Boris Johnson’s new Bills explored

Boris Johnson: It’s essential we have inquiry into pandemic

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The move follows concerns at attempts by activists to ban people from expressing views they deem offensive. A Director for Freedom of Speech and Academic Freedom is to be appointed at the Office for Students to champion free speech on campuses and launch investigations into any moves to prevent people expressing their views. People will be able to seek compensation through the courts if their free speech is not upheld by universities or other institutions.


A deposit return scheme for plastic bottles and metal cans is to be set up as part of the Government’s drive to help the environment.

An Environment Bill was promised in the Queen’s Speech that will seek to establish a “consistent” recycling system across England.

The legislation will also establish a new Office for Environmental Protection to oversee the drive towards carbon emission cutting targets.

It will have powers to hold all public authorities to account on any breaches of environmental law.

Companies are to face new legal obligations to protect the environment including ensuring rainforest are shielded from illegal deforestation.

The legislation will also seek to improve air quality and encourage the restoration of wildlife habitats.

The Queen’s Speech also promised an Animal Welfare Plan to improve standards and prevent cruelty.

With the UK now out of the EU, the Government will seek to raise animal welfare standards on farms, in homes and in the wild to a high level than those under Brussels rules.

Tougher penalties are to be introduced on pet theft and wider microchipping of pets will be encouraged.

Ministers will also investigate the possibility of banning the sale and trade of foie gras.


Boris Johnson is to push ahead with plans to restore prime ministerial powers to call a general election.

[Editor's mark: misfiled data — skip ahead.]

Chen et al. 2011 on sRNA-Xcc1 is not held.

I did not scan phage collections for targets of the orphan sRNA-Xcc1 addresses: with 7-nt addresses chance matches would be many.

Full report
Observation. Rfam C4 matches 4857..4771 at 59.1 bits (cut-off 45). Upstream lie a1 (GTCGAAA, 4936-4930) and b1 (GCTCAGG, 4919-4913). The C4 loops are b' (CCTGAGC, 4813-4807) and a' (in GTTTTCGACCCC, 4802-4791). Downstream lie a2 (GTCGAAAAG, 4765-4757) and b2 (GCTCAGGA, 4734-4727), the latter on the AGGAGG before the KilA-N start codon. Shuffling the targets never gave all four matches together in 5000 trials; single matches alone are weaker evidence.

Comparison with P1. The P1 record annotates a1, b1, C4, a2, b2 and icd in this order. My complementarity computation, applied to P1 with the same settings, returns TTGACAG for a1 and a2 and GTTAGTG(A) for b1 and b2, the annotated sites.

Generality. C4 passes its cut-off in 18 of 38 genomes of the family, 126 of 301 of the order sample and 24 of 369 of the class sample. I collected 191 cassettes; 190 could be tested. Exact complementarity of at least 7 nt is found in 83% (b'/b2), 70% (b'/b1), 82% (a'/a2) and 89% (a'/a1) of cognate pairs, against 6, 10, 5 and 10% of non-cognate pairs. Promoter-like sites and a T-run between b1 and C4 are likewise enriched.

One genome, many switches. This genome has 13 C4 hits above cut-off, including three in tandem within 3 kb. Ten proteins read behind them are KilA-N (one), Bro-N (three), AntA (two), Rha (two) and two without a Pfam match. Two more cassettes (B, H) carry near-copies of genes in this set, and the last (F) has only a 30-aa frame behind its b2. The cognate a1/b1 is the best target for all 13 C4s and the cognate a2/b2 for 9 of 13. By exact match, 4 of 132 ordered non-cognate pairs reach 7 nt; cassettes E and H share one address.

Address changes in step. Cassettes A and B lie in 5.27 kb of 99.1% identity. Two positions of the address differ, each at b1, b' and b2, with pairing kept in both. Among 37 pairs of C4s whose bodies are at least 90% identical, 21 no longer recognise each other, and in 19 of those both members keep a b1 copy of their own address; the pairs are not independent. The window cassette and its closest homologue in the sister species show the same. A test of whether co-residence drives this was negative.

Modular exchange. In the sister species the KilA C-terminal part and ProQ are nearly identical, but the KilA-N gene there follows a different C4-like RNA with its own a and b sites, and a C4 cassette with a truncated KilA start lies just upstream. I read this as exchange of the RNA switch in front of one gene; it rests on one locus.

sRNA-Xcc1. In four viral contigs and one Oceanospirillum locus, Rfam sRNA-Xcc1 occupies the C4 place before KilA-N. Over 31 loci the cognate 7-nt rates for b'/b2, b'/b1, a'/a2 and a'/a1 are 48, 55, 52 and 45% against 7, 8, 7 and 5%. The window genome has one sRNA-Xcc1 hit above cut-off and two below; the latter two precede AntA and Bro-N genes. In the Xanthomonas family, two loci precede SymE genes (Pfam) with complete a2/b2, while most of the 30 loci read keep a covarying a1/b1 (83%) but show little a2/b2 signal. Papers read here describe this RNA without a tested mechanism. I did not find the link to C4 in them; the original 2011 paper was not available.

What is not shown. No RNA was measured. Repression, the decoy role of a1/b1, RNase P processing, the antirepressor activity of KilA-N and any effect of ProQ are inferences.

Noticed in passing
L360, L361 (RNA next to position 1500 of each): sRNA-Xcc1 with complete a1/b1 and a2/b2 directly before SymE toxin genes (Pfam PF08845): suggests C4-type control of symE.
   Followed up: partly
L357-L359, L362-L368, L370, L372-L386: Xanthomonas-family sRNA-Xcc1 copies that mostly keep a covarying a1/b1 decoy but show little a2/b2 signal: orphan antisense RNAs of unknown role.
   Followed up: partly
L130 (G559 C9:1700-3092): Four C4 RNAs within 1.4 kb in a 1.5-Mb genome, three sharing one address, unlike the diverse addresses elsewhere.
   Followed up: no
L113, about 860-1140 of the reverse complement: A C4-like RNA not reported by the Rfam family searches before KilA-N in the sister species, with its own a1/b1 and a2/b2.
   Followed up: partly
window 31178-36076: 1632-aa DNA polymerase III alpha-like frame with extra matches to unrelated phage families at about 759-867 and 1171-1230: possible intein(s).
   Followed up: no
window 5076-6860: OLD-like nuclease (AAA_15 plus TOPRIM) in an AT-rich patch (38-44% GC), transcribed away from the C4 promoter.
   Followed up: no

A Dissolution and Calling of Parliament Bill was announced in the Queen’s Speech that will repeal the Fixed-term Parliaments Act introduced under David Cameron’s coalition.

That act, which fixed parliamentary terms to five years, has been widely blamed for the dead lock at Westminster over Brexit.

The new Bill will restore the royal prerogative powers which enable a prime minister to seek a dissolution of Parliament by the monarch at a time of his or her choosing.

A separate Electoral Integrity Bill was also promised to curb voter fraud at elections.

It will introduce compulsory identity checks at polling stations and impose restrictions on the use of postal and proxy votes.

The will oblige local authorities to provide a Voter Card free of charge to anyone who does not have adequate photo ID such as a passport, driving licence, concessionary travel pass or Blue Badge parking permit.


Legislation to improve the welfare of Armed Forces personnel and their families was included in the Government’s programme for the year ahead.

An Armed Forces Bill will enshrine the Armed Forces Covenant into law to ensure they are treated with “fairness and respect.”

Public bodies will be obliged to take into account the needs of members of the forces in the education, healthcare and housing sectors.

It will also include an overhaul of the justice system for military personnel charged with serious crimes.

Clearer guidance for prosecutors involved in military cases was promised.